“Verbal sculptures” and “strange archaeologies”—Maria Loboda's recent works expose prior events through sparse details of entangled secrets, material contradictions, and masked collusions. Her sculpture is both indulgently verbal and obstinately reserved. Oh, Wilderness also demonstrates the artist's aesthetic equation between language and materiality as it works the other way around, translating materials expressive of a certain weak semiotics to language. Through these materials, nature is observed and read—now constituting a grammar, rigorously arbitrary, formal, and conventional.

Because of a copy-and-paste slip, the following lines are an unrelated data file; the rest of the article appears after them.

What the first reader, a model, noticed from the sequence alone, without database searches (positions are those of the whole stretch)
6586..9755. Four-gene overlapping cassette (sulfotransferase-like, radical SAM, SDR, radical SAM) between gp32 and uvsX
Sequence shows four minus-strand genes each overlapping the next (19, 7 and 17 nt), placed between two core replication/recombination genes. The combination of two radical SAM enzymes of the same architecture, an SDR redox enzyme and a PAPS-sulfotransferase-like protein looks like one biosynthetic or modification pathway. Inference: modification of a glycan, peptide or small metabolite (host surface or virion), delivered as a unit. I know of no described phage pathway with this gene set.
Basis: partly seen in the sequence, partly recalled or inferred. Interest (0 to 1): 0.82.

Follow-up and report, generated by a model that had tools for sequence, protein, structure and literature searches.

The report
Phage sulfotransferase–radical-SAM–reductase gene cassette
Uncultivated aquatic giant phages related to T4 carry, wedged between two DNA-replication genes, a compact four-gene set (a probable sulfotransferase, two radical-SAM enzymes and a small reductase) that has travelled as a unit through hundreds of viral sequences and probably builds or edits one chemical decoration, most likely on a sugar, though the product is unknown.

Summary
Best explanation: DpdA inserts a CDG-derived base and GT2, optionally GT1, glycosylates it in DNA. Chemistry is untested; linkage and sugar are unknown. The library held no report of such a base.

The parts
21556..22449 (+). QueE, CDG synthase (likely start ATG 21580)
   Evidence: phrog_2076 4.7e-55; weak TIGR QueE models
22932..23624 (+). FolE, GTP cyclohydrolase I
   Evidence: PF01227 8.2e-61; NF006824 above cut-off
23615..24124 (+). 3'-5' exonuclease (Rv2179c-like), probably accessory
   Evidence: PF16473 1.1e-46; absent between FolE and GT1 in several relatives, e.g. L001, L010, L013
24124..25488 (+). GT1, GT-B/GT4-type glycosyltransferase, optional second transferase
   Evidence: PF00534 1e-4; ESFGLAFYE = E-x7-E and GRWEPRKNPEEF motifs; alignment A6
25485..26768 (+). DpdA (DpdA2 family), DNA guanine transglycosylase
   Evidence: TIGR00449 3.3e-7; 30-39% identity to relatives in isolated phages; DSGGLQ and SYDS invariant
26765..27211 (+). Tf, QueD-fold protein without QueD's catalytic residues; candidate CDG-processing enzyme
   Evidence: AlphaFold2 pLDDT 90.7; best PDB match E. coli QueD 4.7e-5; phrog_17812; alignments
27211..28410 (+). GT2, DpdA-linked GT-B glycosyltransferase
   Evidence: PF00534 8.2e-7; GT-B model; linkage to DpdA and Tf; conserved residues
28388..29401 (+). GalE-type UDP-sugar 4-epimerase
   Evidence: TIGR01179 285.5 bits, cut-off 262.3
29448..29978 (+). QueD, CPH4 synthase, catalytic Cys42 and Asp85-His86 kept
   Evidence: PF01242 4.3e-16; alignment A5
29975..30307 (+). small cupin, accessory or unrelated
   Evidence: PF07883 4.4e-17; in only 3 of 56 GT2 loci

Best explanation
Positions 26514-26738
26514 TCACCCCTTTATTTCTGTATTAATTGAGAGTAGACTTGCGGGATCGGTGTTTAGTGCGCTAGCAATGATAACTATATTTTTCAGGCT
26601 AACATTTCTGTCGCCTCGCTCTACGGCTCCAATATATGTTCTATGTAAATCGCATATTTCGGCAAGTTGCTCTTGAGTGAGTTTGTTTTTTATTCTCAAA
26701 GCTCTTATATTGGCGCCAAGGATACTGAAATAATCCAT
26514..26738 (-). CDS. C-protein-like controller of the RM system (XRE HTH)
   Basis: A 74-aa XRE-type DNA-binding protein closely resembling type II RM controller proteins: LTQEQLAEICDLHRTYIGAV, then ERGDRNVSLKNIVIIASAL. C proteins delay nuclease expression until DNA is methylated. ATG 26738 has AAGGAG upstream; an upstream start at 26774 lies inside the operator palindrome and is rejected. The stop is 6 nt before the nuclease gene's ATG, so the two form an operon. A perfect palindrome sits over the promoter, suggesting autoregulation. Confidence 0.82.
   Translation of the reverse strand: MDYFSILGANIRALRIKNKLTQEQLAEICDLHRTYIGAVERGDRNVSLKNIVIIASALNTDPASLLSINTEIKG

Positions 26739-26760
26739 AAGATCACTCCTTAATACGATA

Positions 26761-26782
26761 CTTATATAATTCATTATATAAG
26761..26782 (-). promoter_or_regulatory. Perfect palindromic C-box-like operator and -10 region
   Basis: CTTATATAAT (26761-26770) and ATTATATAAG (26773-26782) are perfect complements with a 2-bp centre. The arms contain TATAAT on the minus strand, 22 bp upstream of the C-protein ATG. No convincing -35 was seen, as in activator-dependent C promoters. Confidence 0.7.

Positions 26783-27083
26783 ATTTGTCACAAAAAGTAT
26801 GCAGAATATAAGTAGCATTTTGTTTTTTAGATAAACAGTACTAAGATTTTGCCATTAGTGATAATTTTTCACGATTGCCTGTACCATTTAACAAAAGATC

The book contains a Q&A between Loboda, Caterina Riva, and Isobel Harbison, which traces the artist's work and context. An essay by Riva highlights Loboda's use of antagonisms, duality, and enigmas in her practice; Lars Bang Larsen points to a state of echoing and spiritualization in Loboda's works; and Harbison analyzes the engagement with history and artifact in Loboda's new approach to sculpture.
Oh, Wilderness is Loboda's first monograph and contains work from 2009 to 2012.
With essays by Isobel Harbison, Lars Bang Larsen, and Caterina Riva.